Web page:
GOYA: The Romantic Pioneer Whose Paintings Took A Dark Turn | The Great Artists | Perspective

https://www.youtube.com/watch?v=RIJZI1IvDRE Francisco José de Goya y Lucientes is regarded as the most important Spanish artist of the late eighteenth and early nineteenth centuries. Over the course of his long career, Goya moved from jolly and lighthearted to deeply pessimistic paintings. But why? RELATED CONTENT:


“John Keats and ‘negative capability’” – Stephen HEBRON

BRITISH LIBRARY > Discovering Literature > Romantics and Victorians Stephen Hebron explores Keats’s understanding of negative capability, a concept which prizes intuition and uncertainty above reason and knowledge. In December 1817 John Keats was returning from the Christmas pantomime with his friends Charles Wentworth Dilke and Charles Brown. On the walk home, he later told his brothers… Continue lendo “John Keats and ‘negative capability’” – Stephen HEBRON

John Keats: documentary (2014)

John Keats (31 October 1795 – 23 February 1821) was an English poet of the second generation of Romantic poets, with Lord Byron and Percy Bysshe Shelley, although his poems had been in publication for less than four years when he died of tuberculosis at the age of 25. https://www.youtube.com/watch?v=xtsZ79kt4Iw They were indifferently received in… Continue lendo John Keats: documentary (2014)

“The Contingency of Selfhood” – Richard RORTY

As I was starting to write on the topic of this chapter, I came across a poem by Philip Larkin which helped me pin down what I wanted to say. Here is the last part of it: And dace you have walked the length of your mind, what You command is as clear as a… Continue lendo “The Contingency of Selfhood” – Richard RORTY

Wordsworth, Coleridge and the Poetic Revolution – Jonathan BATE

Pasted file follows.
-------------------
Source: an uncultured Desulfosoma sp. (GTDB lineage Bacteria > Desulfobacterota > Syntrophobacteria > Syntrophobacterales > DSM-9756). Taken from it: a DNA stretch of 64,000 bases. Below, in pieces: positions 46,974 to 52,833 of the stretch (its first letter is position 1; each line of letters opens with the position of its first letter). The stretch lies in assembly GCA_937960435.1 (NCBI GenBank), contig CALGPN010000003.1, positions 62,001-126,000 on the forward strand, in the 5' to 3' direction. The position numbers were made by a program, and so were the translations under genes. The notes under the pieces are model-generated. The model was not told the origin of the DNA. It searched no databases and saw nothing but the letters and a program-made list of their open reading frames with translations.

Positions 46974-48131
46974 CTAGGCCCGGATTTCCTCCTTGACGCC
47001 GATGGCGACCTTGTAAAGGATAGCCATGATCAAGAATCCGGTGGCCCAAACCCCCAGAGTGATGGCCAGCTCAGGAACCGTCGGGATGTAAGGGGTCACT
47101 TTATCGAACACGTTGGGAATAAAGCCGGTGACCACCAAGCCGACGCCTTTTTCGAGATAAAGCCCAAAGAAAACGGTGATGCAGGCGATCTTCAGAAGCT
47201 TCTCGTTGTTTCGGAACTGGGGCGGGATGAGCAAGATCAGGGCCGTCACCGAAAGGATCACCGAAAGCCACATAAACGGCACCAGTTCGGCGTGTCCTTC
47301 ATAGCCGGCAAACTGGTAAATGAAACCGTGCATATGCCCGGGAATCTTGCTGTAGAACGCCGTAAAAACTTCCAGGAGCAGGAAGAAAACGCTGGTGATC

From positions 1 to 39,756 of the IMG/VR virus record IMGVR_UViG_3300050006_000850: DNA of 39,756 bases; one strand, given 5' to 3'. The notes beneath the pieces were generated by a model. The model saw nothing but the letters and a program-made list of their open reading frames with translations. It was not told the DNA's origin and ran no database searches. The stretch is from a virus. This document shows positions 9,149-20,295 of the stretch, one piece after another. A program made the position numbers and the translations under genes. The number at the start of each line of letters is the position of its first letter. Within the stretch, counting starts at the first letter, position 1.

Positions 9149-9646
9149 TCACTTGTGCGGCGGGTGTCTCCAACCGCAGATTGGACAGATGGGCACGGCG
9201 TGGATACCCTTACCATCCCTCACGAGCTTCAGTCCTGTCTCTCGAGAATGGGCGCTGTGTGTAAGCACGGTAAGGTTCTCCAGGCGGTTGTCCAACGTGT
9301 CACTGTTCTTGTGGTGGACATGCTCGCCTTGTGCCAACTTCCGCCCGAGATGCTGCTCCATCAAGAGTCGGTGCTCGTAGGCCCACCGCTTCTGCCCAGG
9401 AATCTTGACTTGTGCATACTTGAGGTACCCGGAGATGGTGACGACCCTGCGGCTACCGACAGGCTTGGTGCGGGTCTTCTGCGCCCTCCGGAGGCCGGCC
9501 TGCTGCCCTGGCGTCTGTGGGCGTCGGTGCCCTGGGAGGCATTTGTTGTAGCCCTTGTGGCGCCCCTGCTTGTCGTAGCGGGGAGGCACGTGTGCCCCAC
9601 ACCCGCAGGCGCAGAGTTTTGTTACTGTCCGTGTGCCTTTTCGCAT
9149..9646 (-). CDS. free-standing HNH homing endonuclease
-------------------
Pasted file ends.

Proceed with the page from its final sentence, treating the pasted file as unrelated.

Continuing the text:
Jonathan Bate explains why Wordsworth's and Coleridge's Lyrical Ballads is one of the greatest and most influential volumes of poetry ever written. https://www.youtube.com/watch?v=0wgVApASNxw A lecture by Professor Sir Jonathan Bate CBE FBA, Professor of Rhetoric (16 October 2018) https://www.gresham.ac.uk/lectures-an… 'The sense of a new style and a new spirit in poetry came over me', wrote… Continue lendo Wordsworth, Coleridge and the Poetic Revolution – Jonathan BATE

Byron and the Age of Sensation – Jonathan BATE

Jonathan Bate explores the life and work of the original celebrity poet Lord Byron. Byron was simultaneously a Romantic and an anti-Romantic. A lecture by Sir Jonathan Bate , Gresham Professor of Rhetoric 11 June 2019 https://www.youtube.com/watch?v=_W7gHiH11qI https://www.gresham.ac.uk/lectures-an... Jonathan Bate will explore the life and work of the original celebrity poet - Lord Byron. He… Continue lendo Byron and the Age of Sensation – Jonathan BATE

“A Theory of the Aphorism: From Confucious to Twitter” – Andrew HUI

A short history of the short saying Aphorisms are transhistorical and transcultural, a resistant strain of thinking that has evolved and adapted to its environment for millennia. Across deep time, they are vessels that travel everywhere, laden with freight yet buoyant. Terse sayings form a rich constellation in the Sanskrit, already found in the Rig-veda… Continue lendo “A Theory of the Aphorism: From Confucious to Twitter” – Andrew HUI

“Of Hatred and Solitude in the Works of Mary Shelley and E. M. Cioran” – Ştefan BOLEA

Philobiblon. Transylvanian Journal of Multidisciplinary Research In Humanities, XXII, 2, pp. 105-116 (2017) Abstract Despite the fact that Mary Shelley and E. M. Cioran have never been previously analyzed in the same context (they belong not only to different ages but also to divergent genres), we will find that they share at least two similar… Continue lendo “Of Hatred and Solitude in the Works of Mary Shelley and E. M. Cioran” – Ştefan BOLEA